Mimetic Desire

Mimetic desire is desire according to another, or desire according to a model.

Imitation is the force that shapes human desire. People desire things because someone else—a model—did first. 

When he was in early twenties, René Girard got his first glimpse into the structure of desire. During his university studies in France, he fell in love.

After a short and intense period of courtship, he settled down into a stable relationship with his girlfriend. Then things changed in an instant. His girlfriend asked him if he wanted to get married.

Right away, he experienced a decrease in desire. He quickly backed off. It wasn’t long before he ended the relationship.

She accepted it, went her own way, and began dating other men.

Then, suddenly, he was drawn back to her again. He noticed something that he found curious—and troubling. The more she denied herself to him, the more he wanted her.

It was as if her desire for him somehow affected his desire for her.  “I suddenly realized that she was both object and mediator for me—some kind of model,” he said. He became reattracted to her not because he suddenly saw some new quality in her that he hadn’t seen in her before; he became reattracted to her because she denied herself to him. She was modeling to him what he should want.

Girard wouldn’t fully grasp what was happening until many years later when he saw this same dynamic playing out through human history and in current events. But even then, in his short romance, he saw that there was more to desire than most people believe—especially the hidden role of a model.

The advertising and fashion industries have known this for decades. The creative agencies behind Superbowl commercials don’t simply show us the things they want us to buy. They almost always show us other people wanting the things they want us to buy.

Apple’s iconic “1984” commercial doesn’t tout the technical merits of the new Apple computer; it shows a beautiful blonde athlete throwing a sledgehammer through the face of a man representing conformity (“Big Brother”). The woman in the commercial is a model—she makes it more likely that viewers will now want to battle conformity, too. (Of course, buying an Apple computer is the best way to do that.)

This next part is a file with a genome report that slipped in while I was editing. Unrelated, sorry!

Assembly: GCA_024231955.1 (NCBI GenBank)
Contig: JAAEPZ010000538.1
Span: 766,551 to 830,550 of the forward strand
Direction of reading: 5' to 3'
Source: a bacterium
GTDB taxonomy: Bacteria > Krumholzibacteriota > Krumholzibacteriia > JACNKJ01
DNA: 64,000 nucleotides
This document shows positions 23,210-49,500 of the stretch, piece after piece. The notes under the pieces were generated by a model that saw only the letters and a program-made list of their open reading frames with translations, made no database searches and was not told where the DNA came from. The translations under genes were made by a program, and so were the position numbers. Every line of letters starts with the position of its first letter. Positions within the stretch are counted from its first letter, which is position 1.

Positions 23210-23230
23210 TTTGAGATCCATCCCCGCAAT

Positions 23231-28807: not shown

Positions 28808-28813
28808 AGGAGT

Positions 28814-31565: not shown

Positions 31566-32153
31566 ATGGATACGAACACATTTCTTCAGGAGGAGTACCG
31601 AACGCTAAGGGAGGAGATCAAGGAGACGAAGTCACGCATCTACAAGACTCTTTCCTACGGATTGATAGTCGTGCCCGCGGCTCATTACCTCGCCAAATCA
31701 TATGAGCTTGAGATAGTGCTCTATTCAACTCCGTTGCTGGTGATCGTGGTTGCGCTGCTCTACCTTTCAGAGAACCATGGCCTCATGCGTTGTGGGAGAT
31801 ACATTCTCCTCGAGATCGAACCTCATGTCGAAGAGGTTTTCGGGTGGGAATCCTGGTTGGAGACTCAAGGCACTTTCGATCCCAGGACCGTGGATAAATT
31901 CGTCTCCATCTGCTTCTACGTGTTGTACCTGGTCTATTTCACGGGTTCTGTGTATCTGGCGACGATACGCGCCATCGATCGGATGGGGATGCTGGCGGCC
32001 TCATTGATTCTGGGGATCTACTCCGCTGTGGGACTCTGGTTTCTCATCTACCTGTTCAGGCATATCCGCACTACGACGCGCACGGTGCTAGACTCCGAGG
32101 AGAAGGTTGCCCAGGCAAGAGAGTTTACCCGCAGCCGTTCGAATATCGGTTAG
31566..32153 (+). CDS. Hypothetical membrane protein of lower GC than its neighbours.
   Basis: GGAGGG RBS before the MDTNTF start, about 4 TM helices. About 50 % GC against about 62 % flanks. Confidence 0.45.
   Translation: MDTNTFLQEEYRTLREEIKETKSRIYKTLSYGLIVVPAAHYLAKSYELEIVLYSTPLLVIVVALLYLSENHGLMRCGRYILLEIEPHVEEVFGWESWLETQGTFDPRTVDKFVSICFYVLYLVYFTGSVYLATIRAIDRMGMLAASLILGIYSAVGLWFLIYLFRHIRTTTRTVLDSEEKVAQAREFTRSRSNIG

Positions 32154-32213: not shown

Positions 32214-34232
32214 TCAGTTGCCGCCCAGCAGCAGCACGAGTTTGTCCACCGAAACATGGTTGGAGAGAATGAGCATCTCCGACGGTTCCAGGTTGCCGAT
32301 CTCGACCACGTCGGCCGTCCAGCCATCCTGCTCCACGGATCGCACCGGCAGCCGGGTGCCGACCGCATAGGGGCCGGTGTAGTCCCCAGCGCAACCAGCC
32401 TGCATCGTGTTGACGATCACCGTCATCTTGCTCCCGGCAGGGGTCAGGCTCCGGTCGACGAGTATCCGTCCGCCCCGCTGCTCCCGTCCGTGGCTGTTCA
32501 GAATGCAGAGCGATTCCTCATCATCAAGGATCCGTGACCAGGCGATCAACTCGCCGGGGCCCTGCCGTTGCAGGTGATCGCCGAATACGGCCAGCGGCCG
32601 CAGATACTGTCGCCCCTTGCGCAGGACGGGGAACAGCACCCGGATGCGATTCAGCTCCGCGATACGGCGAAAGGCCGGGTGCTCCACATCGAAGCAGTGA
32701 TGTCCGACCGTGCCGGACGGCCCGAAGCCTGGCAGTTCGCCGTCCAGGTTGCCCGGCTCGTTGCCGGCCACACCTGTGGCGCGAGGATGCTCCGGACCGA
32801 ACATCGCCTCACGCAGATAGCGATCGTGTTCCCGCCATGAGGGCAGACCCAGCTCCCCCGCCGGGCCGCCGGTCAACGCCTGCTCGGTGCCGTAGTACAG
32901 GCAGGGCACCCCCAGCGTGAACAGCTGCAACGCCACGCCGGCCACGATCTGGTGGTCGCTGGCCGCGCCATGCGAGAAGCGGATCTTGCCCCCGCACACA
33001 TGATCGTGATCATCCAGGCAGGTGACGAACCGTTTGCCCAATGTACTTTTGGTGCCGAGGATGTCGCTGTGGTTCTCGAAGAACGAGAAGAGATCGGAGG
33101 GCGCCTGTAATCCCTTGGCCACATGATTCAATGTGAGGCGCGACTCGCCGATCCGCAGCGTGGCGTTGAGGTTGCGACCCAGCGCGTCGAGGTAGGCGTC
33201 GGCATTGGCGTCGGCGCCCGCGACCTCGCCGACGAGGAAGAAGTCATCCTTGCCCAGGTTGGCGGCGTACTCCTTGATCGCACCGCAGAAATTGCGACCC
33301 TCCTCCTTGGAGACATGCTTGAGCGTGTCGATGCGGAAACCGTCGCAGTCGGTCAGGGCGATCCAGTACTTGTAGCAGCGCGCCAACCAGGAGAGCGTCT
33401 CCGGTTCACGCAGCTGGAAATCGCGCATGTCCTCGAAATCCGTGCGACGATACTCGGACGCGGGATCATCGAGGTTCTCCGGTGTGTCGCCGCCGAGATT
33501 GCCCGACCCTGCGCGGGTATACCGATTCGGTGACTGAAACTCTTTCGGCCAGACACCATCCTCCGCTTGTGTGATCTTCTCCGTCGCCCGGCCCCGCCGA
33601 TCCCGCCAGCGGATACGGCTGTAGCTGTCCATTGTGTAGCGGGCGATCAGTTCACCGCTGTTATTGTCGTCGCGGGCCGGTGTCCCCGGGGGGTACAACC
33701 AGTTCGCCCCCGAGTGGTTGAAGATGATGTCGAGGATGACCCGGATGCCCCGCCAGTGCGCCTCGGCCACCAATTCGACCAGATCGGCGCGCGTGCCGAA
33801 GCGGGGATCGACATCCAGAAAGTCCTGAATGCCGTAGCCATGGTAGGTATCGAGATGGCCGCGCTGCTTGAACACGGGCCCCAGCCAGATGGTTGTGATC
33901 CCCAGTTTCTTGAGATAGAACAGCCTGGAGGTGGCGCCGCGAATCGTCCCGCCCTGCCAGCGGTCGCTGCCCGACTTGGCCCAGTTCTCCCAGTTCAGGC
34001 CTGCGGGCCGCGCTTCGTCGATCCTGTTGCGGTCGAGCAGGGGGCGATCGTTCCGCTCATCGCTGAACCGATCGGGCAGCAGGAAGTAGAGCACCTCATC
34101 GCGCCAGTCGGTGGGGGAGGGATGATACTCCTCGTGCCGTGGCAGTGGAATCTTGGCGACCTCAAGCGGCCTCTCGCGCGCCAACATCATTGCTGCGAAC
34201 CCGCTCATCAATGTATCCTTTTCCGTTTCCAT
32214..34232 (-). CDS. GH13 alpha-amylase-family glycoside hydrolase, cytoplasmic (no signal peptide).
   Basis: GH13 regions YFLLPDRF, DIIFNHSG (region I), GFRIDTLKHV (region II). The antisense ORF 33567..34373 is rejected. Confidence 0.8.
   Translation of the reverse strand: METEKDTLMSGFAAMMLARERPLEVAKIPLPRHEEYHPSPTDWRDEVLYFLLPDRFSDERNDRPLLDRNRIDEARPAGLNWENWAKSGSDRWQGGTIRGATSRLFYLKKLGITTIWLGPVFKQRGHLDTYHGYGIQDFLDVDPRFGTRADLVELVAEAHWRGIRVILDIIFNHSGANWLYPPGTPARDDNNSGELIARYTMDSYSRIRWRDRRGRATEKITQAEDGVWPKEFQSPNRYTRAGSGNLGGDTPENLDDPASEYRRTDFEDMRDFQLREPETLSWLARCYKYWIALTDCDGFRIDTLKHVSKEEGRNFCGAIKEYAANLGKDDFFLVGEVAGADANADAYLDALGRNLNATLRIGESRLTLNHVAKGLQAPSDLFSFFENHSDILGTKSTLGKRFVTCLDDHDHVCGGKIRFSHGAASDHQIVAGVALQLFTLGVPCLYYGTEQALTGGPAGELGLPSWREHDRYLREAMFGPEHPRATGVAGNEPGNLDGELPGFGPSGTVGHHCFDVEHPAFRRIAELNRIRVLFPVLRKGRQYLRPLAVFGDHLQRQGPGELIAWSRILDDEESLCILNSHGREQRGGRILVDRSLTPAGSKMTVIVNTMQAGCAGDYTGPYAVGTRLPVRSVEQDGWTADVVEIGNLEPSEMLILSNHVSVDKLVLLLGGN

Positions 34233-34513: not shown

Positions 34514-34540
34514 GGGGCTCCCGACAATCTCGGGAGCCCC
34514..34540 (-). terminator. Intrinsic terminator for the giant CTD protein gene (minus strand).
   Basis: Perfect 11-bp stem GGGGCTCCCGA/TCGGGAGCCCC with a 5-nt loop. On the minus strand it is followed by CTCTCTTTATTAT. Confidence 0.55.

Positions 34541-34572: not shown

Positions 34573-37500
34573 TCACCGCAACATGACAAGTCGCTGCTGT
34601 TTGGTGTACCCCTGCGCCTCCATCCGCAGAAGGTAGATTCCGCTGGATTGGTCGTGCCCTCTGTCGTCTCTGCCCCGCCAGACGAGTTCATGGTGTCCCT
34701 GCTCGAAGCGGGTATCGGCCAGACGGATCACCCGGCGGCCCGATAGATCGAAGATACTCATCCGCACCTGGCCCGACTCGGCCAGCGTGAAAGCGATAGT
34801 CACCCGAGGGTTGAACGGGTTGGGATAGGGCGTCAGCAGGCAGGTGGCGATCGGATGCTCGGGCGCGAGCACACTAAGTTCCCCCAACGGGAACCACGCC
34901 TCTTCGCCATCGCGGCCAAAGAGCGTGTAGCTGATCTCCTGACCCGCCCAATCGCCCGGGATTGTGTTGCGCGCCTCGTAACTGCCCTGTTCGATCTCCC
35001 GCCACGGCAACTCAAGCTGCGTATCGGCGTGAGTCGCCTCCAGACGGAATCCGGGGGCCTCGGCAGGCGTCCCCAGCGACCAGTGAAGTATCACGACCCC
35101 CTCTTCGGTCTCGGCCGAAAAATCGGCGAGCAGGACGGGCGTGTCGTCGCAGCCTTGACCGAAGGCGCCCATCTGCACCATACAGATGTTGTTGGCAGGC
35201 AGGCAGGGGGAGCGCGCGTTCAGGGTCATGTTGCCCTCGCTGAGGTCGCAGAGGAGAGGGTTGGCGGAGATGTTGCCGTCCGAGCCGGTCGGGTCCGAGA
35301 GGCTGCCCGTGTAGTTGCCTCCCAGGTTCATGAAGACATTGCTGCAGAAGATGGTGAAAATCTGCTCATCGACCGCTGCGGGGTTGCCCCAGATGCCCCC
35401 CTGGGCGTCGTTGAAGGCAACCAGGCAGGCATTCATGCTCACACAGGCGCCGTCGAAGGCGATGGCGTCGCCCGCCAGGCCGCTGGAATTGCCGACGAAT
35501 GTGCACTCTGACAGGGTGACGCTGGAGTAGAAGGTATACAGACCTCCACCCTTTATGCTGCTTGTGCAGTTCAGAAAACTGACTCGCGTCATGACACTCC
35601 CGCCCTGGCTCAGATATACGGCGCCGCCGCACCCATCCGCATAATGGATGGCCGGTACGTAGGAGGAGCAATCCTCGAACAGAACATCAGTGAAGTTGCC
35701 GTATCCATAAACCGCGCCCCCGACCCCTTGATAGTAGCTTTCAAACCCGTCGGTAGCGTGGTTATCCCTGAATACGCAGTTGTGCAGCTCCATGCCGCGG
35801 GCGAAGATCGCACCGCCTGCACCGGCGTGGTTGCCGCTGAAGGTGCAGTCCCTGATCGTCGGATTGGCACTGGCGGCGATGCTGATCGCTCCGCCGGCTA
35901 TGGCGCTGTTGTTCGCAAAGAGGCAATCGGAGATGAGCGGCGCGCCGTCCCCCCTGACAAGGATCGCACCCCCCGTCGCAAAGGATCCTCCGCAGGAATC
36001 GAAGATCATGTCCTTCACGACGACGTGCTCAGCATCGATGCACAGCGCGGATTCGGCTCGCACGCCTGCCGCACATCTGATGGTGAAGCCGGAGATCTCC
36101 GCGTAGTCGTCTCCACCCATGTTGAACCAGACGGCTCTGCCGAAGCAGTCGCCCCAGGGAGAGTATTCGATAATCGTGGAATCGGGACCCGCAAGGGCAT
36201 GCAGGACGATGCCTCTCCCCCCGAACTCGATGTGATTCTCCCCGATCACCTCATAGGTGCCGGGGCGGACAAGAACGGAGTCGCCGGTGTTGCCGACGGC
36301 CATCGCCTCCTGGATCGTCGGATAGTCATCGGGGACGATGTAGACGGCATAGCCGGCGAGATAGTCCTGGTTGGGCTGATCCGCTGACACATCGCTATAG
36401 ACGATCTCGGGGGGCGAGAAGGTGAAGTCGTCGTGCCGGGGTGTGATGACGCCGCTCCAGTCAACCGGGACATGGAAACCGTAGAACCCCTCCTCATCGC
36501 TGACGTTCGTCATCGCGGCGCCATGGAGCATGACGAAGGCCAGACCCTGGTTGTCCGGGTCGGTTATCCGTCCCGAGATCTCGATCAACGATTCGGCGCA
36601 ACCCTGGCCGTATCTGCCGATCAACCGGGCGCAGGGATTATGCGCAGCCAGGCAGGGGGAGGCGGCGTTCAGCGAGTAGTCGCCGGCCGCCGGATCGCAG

People choose computers, food, and fashion at least as much with their mimetic brains, or imitative brains, as with their rational brains. Consider craft beer: did millions of amateur beer drinkers decide, almost simultaneously, that I.P.A.’s are (obviously) better than good Belgian ales? Not only do I disagree, but I don’t buy their illusion of autonomy.

But these are just things. Far more important are the deeper mimetic desires to be a certain way—the desire for moral positions, recognition, spouses, schools, job titles and dreams.

            We’re immersed in it.

A young girl posts a selfie to Instagram. She’s beaming next to her new boyfriend at a sushi restaurant. Her ex, who she hasn’t heard from in months, starts texting her the next day.

A college guy with a new girlfriend introduces her to every guy he knows, secretly hoping that they’ll want her, too. When he senses that they don’t, he begins to doubt that he made the right choice.

Five-year old Caleb finds a shiny red toy dump truck in the corner of his classroom that none of the other kids seemed to care about. As soon he expresses an interest in it, there’s an all-out war. Everyone wants to play with the cool new toy.

Tim, a university freshman chooses to major in accounting because his friend (who seems like he has it all together) wants to be an accounting major. When he realizes later in life that he is miserable doing other peoples’ taxes—long after his model is gone—the mimetic nature of his desire to be an accounting major is revealed.

Imitating a model is not dangerous if the desire is for something that is abundant and sharable—drinking a mass-produced wine, watching Game of Thrones, or getting into a large state school with a 90% acceptance rate.

But things get more complicated when we imitate the desire for objects that are scarce and can’t easily be shared. According to economists, that’s a lot of things.

For more a detailed, illustrated guide visit the page on author Luke Burgis’s website on Mimetic Desire 101.